The Banks Send Out An SOS About Zero Rates And Digitalisation

BBVA's results in 1Q 2017BBVA's chairman Francisco González

Francisco López | BBVA chairman, Francisco Gonzalez , is the one who usually takes the lead in talking about the banking sector’s problems, without worrying too much about the criticisms he may receive. González was the one who most actively spoke out in international fora (in particular at the Institute of International Finance (IIF)’s spring meeting) about the bad situation of some of the savings banks, although by doing that he damaged the image of the whole Spanish banking sector; he continues to demonstrate his obsession about technology, although many believe (Ana Botin included) that personal contact is also fundamental for the banking business; and now he has taken up the banner of those who criticise the low interest rate policy: “They are killing us.”

The criticisms of the ECB made by BBVA’s chairman are shared by the European banking sector, but Draghi has reminded them that a central bank’s obligation is to ensure that inflation is controlled and there is greater economic growth which, in theory, is beneficial for the banks.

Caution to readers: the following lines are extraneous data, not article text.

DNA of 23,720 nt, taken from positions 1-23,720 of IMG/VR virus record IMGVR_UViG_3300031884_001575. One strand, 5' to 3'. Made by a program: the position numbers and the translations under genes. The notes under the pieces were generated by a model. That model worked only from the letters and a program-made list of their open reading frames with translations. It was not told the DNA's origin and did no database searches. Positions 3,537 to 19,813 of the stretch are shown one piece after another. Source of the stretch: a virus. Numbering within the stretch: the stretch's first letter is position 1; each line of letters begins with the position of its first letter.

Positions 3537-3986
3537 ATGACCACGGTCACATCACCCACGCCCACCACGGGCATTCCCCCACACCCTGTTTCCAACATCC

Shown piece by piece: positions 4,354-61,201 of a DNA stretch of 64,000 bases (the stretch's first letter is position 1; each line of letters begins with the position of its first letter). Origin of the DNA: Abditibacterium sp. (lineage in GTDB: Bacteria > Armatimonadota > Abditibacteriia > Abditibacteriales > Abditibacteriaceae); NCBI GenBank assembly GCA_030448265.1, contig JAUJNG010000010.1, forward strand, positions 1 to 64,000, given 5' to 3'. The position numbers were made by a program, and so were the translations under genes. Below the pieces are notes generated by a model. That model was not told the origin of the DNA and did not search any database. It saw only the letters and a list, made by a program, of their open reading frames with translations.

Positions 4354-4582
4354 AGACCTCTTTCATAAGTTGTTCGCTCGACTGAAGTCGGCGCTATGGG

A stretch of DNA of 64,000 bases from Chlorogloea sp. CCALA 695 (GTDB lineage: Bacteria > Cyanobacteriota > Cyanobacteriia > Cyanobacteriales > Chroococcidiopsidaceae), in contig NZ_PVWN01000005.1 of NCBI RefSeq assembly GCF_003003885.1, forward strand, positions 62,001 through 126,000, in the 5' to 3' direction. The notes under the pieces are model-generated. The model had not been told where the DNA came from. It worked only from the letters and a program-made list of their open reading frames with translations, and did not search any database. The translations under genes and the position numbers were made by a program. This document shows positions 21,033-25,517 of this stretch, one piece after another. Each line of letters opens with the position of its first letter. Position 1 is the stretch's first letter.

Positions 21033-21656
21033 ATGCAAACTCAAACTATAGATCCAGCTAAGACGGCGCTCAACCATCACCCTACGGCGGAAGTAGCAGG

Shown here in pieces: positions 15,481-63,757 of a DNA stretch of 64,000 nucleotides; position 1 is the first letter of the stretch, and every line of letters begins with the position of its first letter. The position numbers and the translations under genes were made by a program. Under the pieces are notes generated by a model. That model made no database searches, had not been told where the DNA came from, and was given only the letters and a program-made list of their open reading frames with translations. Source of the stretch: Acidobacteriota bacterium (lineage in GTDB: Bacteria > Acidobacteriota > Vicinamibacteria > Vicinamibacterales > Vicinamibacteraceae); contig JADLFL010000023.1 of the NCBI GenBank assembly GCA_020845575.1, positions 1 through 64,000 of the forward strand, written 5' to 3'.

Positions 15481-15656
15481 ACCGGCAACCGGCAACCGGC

Francisco González took advantage of the presence of the elite of the international financial system at a forum in Madrid to complain about “how difficult it is nowadays to be a bank in Europe” and the fact that banking union has been created by using “the trick of not having greater political integration.”

Apart from zero interest rates, the banking sector’s other warhorse is the technological revolution. In the first place, there’s the competition from giants like Google or Amazon, who are the ones who control more information. And in the second, there is the advance of the fintechs.

González has justified the frequent changes in his management team in the following way: “We had to tell really good traditional banking people that they were no longer useful in the digital world.”

Santander chairwoman Ana Botin recognises the importance of technology, but without forgetting the personal touch: “We are all more flexible now with regard to providing service for our clients. But personal relationships are still very important, in both wholesale and retail banking; in Santander, we have over 100,000 people speaking with clients every day because people want to see people to do their business.”

According to the ECB, the solution to the banking sector’s profitability problems is cross-border mergers.

About the Author

Francisco López
Working for more than 25 years in the world of journalism and communications, Francisco has gained valuable experience at several well-known newspapers such as El Mundo and La Vanguardia. He specialized in economic and financial news before making the leap to the corporate communication sector where he has held several positions: Adviser to the Ministry of Economy, Director of the Bank of Spain’s Communication Department, in addition to his consultancy role at Analistas Financieros Internacionales, where he currently works.